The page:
The ACCC is proposing a choice of four existing toy safety standards for toys containing magnets. Compliance to one of these standards is mandatory. Once registered, suppliers would (normally) have a 12-month transitional period to comply with these new standards.
In Australia, children’s toys are regulated by several mandatory safety standards. These mandatory safety standards, which address physical and mechanical properties, chemical properties and/or labeling requirements, include:
- Consumer Protection Notice No. 14 of 2003, as amended by Consumer Protection No. 1 of 2005 ‘Toys for children up to and including 36 months of age’
- Consumer Protection Notice No. 1 of 2009 ‘Lead and certain elements’ (this standard includes finger paints)
- Consumer Protection Notice No. 2 of 2009 ‘Flotation and aquatic toys’
- Consumer Protection Notice No. 5 of 2010 ‘Toys containing magnets’
- Consumer Protection Notice No. 16 of 2010 ‘Projectile toys’
The mandatory safety standards reference certain toy safety standards for compliance with the requirements. At present, toys containing magnets are subject to certain clauses falling under AS/NZS ISO 8124.1:2002 and AS/NZS ISO 8124.1:2002/Amdt2:2009. Additionally, toys (and childcare articles) are prohibited if they contain more than 1% of di(2-ethylhexyl)phthalate (DEHP, Consumer Protection Notice No. 11 of 2011).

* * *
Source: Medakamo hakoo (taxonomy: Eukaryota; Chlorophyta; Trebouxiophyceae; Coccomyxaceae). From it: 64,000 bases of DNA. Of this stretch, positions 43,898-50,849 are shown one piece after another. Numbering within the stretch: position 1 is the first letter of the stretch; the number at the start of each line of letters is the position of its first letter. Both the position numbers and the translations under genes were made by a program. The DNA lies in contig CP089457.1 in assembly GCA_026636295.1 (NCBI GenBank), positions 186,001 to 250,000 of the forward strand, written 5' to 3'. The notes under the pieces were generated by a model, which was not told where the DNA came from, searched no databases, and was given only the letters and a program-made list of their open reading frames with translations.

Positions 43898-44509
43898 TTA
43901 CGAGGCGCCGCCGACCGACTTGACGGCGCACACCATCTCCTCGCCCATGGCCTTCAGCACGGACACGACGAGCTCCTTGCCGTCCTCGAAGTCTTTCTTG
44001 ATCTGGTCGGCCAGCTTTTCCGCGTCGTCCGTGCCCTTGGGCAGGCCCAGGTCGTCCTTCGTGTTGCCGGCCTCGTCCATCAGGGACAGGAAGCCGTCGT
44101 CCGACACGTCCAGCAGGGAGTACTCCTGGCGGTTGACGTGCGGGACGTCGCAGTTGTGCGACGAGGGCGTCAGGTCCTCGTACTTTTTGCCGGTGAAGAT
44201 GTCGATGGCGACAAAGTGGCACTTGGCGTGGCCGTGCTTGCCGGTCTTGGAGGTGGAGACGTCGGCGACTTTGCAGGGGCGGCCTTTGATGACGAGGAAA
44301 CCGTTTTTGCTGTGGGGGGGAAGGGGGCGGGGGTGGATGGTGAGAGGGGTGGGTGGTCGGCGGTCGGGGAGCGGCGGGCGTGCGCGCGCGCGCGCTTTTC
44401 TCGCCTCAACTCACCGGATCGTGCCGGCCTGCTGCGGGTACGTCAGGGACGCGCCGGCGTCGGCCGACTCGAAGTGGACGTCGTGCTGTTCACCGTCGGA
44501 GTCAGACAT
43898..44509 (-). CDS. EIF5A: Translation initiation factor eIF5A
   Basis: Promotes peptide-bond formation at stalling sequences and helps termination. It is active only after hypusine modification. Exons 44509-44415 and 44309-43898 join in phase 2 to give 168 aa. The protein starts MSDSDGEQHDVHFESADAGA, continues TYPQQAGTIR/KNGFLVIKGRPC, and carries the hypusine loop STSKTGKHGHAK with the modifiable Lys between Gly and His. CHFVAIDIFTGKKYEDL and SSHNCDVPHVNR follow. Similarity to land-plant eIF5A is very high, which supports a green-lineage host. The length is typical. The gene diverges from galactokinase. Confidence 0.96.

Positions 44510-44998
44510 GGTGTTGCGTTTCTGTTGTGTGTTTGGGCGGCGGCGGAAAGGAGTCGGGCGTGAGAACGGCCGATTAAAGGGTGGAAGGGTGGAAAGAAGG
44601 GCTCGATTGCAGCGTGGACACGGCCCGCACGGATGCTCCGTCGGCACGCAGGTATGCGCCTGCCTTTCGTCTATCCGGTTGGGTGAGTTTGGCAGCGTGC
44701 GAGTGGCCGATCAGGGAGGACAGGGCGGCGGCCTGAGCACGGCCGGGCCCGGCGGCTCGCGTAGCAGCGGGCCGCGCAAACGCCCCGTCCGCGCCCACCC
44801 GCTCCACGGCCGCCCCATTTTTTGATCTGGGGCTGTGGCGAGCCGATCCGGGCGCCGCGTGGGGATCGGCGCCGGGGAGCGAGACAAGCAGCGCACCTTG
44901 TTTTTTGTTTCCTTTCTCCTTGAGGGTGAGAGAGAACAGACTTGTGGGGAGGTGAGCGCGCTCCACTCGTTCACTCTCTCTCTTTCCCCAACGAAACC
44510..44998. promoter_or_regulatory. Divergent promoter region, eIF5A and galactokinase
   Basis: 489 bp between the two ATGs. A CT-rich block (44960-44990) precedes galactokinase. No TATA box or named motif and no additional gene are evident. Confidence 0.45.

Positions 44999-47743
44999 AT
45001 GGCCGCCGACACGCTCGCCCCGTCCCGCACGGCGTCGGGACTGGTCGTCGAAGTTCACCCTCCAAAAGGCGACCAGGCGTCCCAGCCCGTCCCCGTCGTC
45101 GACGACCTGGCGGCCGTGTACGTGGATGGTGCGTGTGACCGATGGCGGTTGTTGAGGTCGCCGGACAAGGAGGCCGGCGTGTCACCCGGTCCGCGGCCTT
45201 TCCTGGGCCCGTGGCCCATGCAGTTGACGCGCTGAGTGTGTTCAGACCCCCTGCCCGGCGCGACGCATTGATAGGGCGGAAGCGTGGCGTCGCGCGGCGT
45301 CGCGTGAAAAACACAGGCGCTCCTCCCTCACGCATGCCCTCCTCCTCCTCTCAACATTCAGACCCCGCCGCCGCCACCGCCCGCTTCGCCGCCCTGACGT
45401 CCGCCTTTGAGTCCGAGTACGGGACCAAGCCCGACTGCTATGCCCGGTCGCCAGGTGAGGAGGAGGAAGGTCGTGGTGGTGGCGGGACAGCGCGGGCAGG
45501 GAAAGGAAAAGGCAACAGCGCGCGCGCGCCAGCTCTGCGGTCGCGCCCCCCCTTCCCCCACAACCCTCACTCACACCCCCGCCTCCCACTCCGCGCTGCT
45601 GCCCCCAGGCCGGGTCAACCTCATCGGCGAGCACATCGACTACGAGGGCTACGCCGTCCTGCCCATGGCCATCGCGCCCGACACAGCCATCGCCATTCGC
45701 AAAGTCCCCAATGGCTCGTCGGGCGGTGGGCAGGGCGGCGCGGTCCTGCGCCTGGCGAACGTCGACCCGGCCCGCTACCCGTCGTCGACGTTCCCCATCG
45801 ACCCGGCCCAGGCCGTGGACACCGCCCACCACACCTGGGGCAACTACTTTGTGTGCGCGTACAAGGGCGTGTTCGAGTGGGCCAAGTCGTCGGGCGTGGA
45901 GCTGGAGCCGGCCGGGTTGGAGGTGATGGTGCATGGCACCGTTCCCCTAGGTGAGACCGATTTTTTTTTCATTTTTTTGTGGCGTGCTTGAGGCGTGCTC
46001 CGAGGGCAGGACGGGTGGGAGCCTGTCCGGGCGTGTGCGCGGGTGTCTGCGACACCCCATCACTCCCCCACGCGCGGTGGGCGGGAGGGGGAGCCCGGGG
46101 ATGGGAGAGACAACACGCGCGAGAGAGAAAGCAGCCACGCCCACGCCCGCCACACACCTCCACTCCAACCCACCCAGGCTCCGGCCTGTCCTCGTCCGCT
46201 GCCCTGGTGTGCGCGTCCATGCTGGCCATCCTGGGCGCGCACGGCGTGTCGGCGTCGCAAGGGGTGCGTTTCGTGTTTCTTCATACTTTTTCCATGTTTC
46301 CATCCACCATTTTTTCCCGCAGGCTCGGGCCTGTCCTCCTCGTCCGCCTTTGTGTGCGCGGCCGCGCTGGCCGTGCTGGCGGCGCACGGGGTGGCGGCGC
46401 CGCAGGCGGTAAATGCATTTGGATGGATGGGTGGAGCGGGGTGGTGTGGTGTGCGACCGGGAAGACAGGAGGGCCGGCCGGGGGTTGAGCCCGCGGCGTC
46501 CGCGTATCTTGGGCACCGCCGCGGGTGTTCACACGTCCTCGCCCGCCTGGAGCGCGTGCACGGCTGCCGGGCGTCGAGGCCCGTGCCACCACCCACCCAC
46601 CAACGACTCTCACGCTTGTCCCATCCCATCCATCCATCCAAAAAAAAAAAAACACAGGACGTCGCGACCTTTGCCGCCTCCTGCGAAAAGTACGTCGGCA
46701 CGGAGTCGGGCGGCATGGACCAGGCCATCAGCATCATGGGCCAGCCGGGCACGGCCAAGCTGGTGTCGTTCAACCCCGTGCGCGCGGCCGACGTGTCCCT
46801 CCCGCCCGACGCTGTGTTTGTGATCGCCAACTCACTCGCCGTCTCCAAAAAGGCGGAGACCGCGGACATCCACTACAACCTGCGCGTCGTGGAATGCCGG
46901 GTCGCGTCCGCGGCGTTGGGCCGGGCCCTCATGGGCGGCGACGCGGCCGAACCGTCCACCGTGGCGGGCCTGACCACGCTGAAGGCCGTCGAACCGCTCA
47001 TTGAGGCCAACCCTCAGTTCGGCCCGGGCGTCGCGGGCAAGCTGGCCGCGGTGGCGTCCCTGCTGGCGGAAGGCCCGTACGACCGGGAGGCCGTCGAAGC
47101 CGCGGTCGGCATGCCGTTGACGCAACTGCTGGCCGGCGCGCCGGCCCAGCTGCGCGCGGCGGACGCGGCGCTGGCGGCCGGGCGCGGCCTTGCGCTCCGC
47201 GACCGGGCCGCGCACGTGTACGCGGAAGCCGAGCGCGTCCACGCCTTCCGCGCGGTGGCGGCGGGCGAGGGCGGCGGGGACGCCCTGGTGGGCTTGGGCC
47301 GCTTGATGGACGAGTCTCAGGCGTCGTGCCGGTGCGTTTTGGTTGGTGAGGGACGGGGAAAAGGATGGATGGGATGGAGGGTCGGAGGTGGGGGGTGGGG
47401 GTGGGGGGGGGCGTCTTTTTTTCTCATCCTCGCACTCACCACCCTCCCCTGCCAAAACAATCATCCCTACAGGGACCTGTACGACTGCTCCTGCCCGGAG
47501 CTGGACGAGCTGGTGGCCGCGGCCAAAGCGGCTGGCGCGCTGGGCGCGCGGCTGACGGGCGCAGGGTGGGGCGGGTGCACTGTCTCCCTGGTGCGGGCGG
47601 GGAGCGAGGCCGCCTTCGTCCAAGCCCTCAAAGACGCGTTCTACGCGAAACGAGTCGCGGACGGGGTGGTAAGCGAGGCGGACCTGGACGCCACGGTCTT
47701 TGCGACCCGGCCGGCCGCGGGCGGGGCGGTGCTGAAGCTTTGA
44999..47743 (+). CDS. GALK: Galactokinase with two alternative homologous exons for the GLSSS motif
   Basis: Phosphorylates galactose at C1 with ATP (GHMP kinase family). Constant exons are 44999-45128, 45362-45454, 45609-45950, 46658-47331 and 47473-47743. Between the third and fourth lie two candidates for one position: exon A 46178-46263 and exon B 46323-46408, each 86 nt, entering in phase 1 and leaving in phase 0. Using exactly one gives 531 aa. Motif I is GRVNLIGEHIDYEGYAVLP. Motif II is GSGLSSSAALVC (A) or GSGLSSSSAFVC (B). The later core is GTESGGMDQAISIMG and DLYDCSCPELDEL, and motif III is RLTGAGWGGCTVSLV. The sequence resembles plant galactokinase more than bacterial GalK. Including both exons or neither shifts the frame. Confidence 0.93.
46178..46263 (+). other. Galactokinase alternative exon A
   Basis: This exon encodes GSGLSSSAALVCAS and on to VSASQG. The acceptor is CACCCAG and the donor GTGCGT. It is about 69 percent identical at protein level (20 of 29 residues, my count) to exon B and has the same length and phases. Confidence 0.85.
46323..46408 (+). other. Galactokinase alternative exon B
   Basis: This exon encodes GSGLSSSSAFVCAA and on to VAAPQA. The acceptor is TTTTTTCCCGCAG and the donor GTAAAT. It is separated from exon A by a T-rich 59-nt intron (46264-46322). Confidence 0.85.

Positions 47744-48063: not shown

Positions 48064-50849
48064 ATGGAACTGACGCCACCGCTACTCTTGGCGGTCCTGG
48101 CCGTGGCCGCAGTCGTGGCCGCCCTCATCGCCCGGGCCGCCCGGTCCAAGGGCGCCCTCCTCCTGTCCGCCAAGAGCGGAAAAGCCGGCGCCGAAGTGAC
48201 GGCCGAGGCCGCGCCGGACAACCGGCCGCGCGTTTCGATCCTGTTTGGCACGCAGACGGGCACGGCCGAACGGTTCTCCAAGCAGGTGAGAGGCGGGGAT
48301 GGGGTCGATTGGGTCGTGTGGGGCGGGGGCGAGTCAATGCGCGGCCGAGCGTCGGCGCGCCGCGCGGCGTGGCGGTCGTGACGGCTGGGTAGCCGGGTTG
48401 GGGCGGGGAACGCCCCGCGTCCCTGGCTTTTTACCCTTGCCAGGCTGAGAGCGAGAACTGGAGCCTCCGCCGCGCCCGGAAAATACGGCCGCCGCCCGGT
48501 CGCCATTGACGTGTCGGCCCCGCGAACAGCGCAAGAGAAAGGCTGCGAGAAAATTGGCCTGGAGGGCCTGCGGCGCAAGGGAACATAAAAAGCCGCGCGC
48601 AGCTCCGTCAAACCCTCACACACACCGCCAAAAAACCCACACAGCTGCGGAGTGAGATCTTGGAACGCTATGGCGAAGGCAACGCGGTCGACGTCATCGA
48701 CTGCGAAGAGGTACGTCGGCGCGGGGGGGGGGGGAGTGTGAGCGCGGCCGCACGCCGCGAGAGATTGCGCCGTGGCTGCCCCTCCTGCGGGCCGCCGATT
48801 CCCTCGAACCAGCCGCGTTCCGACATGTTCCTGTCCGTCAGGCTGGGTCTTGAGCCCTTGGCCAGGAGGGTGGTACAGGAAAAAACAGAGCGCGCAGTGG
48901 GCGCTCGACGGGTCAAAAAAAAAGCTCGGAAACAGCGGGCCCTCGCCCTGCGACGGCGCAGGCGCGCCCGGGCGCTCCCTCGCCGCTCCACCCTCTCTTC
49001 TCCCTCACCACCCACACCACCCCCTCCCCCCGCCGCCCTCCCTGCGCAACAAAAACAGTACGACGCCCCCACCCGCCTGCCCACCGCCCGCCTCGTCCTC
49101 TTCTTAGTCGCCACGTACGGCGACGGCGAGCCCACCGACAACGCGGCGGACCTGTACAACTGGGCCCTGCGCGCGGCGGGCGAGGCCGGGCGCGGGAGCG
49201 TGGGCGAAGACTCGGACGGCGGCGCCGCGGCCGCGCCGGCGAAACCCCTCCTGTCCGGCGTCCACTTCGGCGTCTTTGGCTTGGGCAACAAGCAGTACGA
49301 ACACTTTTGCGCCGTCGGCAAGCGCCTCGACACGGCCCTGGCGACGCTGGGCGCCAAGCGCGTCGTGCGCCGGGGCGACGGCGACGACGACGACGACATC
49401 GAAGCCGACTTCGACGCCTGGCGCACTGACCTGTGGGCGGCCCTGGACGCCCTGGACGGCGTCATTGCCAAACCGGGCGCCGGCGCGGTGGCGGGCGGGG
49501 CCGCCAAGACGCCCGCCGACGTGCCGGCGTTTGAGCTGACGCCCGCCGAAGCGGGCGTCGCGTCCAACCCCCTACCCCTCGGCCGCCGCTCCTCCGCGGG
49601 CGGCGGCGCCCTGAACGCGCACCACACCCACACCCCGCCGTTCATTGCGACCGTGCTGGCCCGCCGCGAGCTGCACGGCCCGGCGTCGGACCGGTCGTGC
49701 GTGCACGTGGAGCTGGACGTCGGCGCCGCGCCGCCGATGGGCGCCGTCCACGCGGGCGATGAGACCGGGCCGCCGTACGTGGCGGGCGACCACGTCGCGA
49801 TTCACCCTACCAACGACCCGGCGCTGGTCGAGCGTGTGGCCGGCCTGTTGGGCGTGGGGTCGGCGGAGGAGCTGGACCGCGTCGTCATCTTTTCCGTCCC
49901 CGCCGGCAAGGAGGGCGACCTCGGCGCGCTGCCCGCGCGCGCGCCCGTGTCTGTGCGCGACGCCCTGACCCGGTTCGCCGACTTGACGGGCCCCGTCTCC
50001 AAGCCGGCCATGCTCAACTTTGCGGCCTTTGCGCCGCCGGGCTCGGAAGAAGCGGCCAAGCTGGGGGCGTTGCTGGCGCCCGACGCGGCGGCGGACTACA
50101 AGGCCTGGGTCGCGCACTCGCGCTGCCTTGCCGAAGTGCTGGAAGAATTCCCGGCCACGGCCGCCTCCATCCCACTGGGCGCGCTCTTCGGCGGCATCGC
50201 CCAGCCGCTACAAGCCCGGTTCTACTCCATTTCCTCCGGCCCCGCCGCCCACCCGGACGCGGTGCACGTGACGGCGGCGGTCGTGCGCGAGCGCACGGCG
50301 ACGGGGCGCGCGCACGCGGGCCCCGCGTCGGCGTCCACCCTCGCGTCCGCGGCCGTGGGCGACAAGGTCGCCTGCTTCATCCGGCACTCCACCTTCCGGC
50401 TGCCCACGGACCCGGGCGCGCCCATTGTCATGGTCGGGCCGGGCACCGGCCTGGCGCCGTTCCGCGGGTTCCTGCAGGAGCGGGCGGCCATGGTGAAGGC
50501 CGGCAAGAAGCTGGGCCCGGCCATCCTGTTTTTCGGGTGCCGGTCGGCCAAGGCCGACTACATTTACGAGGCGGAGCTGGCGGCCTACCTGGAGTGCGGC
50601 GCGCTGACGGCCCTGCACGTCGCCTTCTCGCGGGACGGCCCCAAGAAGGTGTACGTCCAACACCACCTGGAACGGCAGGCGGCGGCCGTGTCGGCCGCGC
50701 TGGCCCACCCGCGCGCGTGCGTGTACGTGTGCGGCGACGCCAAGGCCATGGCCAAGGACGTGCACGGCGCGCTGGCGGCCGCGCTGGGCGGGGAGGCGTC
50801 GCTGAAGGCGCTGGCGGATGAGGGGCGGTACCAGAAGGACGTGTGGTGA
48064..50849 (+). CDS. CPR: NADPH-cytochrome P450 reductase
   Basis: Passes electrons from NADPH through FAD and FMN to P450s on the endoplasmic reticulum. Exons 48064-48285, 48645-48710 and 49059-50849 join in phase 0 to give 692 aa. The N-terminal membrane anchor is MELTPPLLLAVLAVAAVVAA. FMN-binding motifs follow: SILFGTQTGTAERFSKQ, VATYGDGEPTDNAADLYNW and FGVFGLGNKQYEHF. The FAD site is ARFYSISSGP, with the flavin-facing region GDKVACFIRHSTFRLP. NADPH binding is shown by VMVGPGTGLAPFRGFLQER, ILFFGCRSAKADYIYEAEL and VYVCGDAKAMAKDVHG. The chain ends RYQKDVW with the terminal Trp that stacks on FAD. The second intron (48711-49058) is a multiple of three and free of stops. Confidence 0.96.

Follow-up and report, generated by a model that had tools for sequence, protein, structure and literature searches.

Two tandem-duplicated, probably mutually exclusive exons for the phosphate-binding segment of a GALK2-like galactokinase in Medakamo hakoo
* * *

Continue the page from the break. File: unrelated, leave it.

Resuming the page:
On May 18, 2020, the World Trade Organization (WTO) circulated a notification from the Australian Competition and Consumer Protection (ACCC) announcing its proposal to update the mandatory safety standards for children’s toys containing magnets. The proposal, under WTO document number 20-3634, allows children’s toy containing magnets to comply with any of the following standards:
- AS/NZS ISO 8124.1:2019 ‘Safety of toys – Part 1: Safety aspects related to mechanical and physical properties’
- ASTM F963-17 ‘Standard consumer safety specification for toy safety’
- EN 71-1:2014+A1:2018 ‘Safety of toys – Part 1: Mechanical and physical properties’
- ISO 8124-1:2018 ‘Safety of Toys – Part 1: Safety aspects related to mechanical and physical properties’
According to the WTO document, the proposed revision to the standards would be adopted on the day after registration and with a transitional period (normally of 12 months) for the date of entry into force.
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